Twice it had happened that morning, and Mrs. Phillips was losing her patience. She had called this boy almost five times, before he finally answered. Dotun had only worked for a week, and she was already counting down to the day when she would kick him out of her house. Yes, she had a date picked.
One has to be ready for such things, if every single house help you’ve hired in the last six months has left under less-than-pleasant circumstances. That was Mrs. Phillips’ experience and she was ready for Dotun. He was already displaying what she termed the “warning signs,” and strongly believed that to be forewarned was to be forearmed.
According to her limited, though varied experience, the warning signs of a house help who was going to leave included the following: spending extended hours running errands and doing chores that normally took less than 30 minutes, breaking expensive china plates, stealing food and anything else that was not glued to the floors of the house, and most importantly, a sour attitude.
The sour attitude was the part Mrs. Phillips could not deal with as it was usually prefaced by feet dragging and ended with mumbling under the breath. The rest of the signs were dealt with immediately using threats.
The most popular threat, which was uttered in loud tones in Yoruba, accompanied by much finger-shaking, and menacing looks, was “If you break another plate, I will use it to draw tribal marks on your face.” Mrs. Phillips had never resorted to actually mutilating any of her house helps, but with Dotun’s behavior, she was veering dangerously close to putting her words into action. She had never had any house help who was so stubborn. But then, Dotun was her first house boy.
It might be worth noting that Dotun had just turned 11 when he was brought to come and live with Mrs. Phillips. The woman was nearing 60, and lived alone, her husband having passed away the year before. Her children – she had three – were all grown up and did not live anywhere near Lagos. They all lived in Abuja, the federal capital city.
The suggestion to get a house help came from her daughter, Sayo, who visited her mother every month, and was worried that seeing her mother once a month was not enough to make sure she was properly cared for. This was barely two months after their father passed away.
After discussing the idea with her siblings, for Sayo was the eldest, they agreed that their mother needed to have someone living with her who would take care of the household chores and also keep her company if needed. Mrs. Phillips was a quiet person, and her husband’s death had made her even more reserved. She welcomed the idea because she also saw that the enforced solitude she faced was not going to benefit her. That was when the hunt for the perfect companion, or shall we say, house help, began.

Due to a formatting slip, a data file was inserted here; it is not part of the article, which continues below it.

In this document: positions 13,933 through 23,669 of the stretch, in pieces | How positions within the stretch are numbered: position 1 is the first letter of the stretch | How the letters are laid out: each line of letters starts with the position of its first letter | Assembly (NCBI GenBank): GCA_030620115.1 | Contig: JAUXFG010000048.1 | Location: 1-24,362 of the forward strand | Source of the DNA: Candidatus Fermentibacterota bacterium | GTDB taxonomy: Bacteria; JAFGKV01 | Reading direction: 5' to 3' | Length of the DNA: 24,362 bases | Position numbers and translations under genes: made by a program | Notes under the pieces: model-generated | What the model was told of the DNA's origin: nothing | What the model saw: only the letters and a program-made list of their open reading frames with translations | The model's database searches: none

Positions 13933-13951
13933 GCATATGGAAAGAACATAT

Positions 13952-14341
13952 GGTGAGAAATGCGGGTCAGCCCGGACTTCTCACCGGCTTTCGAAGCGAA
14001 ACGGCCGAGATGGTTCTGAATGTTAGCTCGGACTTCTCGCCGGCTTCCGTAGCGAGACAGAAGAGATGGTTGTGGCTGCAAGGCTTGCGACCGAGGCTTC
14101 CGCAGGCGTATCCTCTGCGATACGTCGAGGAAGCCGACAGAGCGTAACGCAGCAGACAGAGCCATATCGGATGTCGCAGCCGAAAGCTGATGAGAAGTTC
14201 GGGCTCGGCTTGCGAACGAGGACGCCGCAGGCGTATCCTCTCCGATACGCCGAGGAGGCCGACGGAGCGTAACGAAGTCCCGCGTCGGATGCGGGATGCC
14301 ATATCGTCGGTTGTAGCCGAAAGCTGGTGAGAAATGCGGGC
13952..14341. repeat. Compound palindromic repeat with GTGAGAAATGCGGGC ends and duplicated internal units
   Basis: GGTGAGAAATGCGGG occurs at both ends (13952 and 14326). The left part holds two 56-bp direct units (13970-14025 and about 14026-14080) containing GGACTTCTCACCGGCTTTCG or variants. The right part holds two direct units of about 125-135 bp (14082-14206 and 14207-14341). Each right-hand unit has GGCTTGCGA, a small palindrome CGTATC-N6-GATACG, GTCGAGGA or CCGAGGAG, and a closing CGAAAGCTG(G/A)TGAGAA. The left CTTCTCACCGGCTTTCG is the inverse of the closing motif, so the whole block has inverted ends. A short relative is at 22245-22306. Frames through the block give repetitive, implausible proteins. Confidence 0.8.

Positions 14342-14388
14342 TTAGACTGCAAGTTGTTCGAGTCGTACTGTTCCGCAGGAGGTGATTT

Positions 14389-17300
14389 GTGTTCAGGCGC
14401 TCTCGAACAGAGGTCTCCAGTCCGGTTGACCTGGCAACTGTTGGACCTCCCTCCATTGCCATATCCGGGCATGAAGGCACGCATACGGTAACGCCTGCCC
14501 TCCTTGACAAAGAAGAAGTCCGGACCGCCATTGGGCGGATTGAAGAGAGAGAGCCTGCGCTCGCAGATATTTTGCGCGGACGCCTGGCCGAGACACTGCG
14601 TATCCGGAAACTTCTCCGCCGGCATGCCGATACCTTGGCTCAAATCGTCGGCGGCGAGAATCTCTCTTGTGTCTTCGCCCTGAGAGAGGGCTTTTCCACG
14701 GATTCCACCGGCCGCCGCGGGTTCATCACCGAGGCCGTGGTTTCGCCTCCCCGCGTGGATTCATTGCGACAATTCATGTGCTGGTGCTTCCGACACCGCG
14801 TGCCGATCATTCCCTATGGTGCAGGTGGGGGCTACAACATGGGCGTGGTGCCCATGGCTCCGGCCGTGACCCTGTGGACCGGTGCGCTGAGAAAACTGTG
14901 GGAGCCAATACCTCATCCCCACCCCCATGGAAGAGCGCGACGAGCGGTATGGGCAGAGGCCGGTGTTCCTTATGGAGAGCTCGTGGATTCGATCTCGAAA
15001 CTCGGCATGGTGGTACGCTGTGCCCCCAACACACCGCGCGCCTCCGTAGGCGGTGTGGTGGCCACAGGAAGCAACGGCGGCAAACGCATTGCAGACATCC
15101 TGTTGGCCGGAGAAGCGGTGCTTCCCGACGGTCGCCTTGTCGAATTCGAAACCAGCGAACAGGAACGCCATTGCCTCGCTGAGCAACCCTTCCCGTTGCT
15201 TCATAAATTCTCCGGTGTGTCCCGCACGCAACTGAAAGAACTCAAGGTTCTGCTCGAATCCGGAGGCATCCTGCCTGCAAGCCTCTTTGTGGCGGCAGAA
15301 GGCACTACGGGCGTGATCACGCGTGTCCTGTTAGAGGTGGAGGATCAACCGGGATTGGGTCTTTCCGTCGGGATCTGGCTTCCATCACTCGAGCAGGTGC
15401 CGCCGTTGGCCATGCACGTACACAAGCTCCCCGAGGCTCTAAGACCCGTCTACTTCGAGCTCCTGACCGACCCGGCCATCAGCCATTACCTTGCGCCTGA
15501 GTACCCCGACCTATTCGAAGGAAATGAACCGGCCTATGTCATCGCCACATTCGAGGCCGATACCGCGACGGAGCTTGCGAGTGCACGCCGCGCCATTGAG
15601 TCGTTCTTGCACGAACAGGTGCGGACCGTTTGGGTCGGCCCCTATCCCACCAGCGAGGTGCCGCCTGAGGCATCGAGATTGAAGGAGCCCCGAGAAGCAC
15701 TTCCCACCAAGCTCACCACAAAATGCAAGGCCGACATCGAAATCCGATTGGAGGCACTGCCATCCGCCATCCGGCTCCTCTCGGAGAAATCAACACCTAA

Aside from Dotun, six house helps had worked for Mrs. Phillips in the preceding months, and they were all girls. Except for Mama Joy, who was certainly not a girl. She was a woman. The size of her hips, which made a good case for eating fewer carbohydrates, suggested that it had been at least two decades, and five children, since Mama Joy was referred to as a girl. Or a maiden. She was Number 6. But it is best to start with Number 1.
Number 1 was Gloria. She was a very attractive, fair-skinned girl of 16, who had no qualms about doing laundry. In fact, that was her forte. Mrs. Phillips could swear that she had never seen her whites cleaner than when Gloria washed the filth out of them. However, Mrs. Phillips was a good Christian woman, and she did not swear. Aloud. Gloria was far from perfect though. She had two major weaknesses, which accounted for her short stay: cooking and men.
Gloria was a poor cook and as the days passed by, her employer developed a genuine fear of being poisoned. Not deliberately, of course. But whether by accident or premeditation, Mrs. Phillips had no intention of dying from food cooked in her own house, let alone by a teenager.
Gloria’s other weakness was men. At odd hours of the day, there would be knocks on the door from strangers, and when her Madam asked who was at the door, Gloria’s reply was usually “Oh, someone asking for directions, ma” or “The man wey dey live for that white house down the street, ma” or even one time “Na these Jehovah witness people, ma.”
Wondering why her house had suddenly become the port of call for all these strangers who happened to be men, Mrs. Phillips set out to uncover the truth behind these unwelcome visits.
Alas! Before Mrs. Phillips had a chance to investigate, what she feared the most came to pass. Gloria came to her one night, with tears streaming down her pretty face, and confessed to her Madam that she was pregnant. A shocked Madam asked her who was responsible, and she uttered the name Dauda.
– to be continued –